Here's an essay about RAW (followed by interview with him) by our friend Mark Dery, which ran in 21C magazine.
Mark Dery: You’re best known as the co-author of the Illuminatus! trilogy, which seemingly interweaves every known conspiracy theory. What do you think makes this moment in history such a breeding ground for paranoid visions of government cover-ups of alien autopsies, black helicopters over America and so forth. Is millennial culture out of control?The Rabbit Warren Report: An Investigation into the Funhouse Logic and Reality Tunnels of novelist Robert Anton Wilson Discuss Next post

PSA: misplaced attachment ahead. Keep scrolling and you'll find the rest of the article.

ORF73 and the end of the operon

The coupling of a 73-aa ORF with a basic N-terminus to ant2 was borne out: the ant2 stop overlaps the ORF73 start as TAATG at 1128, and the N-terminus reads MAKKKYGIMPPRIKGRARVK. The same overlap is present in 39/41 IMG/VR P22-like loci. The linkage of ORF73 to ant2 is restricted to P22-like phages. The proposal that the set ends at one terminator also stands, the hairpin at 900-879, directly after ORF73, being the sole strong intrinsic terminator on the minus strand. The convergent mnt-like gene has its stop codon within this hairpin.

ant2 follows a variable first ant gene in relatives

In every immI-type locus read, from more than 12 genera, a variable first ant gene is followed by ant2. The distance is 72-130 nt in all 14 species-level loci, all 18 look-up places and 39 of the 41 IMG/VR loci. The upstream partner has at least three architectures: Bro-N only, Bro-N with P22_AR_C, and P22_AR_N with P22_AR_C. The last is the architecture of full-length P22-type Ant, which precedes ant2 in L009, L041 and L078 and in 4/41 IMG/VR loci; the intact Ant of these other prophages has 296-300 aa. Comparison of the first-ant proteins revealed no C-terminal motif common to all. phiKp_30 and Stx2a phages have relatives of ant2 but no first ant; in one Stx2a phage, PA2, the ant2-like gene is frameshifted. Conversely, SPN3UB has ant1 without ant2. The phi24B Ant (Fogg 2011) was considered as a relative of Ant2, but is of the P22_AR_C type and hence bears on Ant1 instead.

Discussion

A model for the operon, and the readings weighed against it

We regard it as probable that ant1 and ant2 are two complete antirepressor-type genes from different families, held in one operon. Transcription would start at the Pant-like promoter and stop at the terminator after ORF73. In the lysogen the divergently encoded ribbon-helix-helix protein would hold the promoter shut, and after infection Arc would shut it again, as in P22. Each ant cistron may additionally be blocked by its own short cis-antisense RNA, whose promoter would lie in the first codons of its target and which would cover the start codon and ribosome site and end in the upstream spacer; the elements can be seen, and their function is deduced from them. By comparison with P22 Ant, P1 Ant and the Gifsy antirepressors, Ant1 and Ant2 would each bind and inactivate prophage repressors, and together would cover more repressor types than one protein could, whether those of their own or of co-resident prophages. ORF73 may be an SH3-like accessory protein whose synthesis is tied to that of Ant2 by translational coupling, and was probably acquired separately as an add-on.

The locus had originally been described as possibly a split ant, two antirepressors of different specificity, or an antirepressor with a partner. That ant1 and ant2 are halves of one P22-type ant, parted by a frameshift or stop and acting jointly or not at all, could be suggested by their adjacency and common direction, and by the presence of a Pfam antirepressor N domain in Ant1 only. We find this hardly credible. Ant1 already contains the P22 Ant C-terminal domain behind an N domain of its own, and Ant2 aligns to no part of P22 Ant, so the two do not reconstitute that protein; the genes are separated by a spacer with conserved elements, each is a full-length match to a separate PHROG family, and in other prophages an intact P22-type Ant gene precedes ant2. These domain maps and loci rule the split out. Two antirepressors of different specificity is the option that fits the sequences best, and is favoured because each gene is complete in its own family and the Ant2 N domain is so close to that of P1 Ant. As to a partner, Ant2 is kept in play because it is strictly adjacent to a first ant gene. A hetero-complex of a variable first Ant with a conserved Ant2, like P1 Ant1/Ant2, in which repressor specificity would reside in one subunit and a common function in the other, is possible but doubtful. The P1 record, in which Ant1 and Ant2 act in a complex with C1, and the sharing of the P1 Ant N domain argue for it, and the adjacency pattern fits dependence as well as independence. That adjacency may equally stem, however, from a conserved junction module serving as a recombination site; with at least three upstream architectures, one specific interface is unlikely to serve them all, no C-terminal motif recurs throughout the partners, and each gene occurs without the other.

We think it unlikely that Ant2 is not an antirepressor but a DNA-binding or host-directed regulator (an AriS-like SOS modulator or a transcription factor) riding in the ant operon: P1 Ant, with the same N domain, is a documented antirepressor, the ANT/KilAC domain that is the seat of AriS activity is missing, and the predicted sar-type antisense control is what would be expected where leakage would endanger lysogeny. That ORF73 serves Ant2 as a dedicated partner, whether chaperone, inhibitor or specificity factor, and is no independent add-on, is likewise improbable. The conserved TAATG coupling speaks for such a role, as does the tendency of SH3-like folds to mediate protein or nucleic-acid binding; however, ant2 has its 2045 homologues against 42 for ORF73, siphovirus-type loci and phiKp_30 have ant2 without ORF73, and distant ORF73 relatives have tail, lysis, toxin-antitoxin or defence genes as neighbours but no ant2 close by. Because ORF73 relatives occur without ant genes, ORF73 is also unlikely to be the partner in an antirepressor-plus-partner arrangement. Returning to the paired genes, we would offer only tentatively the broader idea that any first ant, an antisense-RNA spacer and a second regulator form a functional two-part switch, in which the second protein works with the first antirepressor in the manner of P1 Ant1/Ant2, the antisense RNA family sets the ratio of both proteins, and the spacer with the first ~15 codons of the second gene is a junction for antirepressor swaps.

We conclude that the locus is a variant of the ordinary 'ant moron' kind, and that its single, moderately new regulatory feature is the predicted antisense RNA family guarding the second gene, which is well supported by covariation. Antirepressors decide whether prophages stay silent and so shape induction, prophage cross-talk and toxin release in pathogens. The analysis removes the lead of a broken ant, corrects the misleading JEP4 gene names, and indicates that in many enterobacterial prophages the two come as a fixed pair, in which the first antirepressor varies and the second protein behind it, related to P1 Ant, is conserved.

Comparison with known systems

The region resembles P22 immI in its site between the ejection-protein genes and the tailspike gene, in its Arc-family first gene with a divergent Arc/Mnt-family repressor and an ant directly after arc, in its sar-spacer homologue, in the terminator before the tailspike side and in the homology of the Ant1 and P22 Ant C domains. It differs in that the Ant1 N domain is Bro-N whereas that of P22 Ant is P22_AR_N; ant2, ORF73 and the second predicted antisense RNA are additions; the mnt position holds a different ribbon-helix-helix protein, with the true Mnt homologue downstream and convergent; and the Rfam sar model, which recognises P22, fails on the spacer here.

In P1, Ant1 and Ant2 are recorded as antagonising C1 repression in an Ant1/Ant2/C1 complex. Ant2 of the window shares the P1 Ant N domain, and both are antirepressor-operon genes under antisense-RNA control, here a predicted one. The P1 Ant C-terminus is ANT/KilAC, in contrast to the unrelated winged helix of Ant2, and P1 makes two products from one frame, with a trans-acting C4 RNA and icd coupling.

RAW: Yes. Most people don’t know why the world is changing so fast and in so many weird directions, so they look for somebody to blame; it just depends on their belief systems, whether they’re going to blame the Elders of Zion, the Bavarian Illuminati, the Freemasons, Swiss bankers, or whoever. People just can’t understand that some things are dynamic structural factors of the whole sociology, the whole technological environment in which we live; they want to find a bloc-like entity to explain everything. It’s primitive, but very prevalent. I’m currently working on a book called The Encyclopedia of Conspiracies; it’s an attempt to keep the irony subdued and do a scholarly treatment of conspiracy theories. Conspiracy theories fascinate me because they’re a good testing ground for non-Aristotelian logic. Most people either accept them in whole or reject them in whole; I try to apply fuzzy logic, asking “How much of this can really be proven and how much of it is just blind assertion?” It’s interesting to look at them without an either/or but simply in terms of how probable various parts of the theory are. Either/or seems so crude and primitive to me, and yet most people are still hung up on it. Korzybski had a major influence on my thinking in this regard.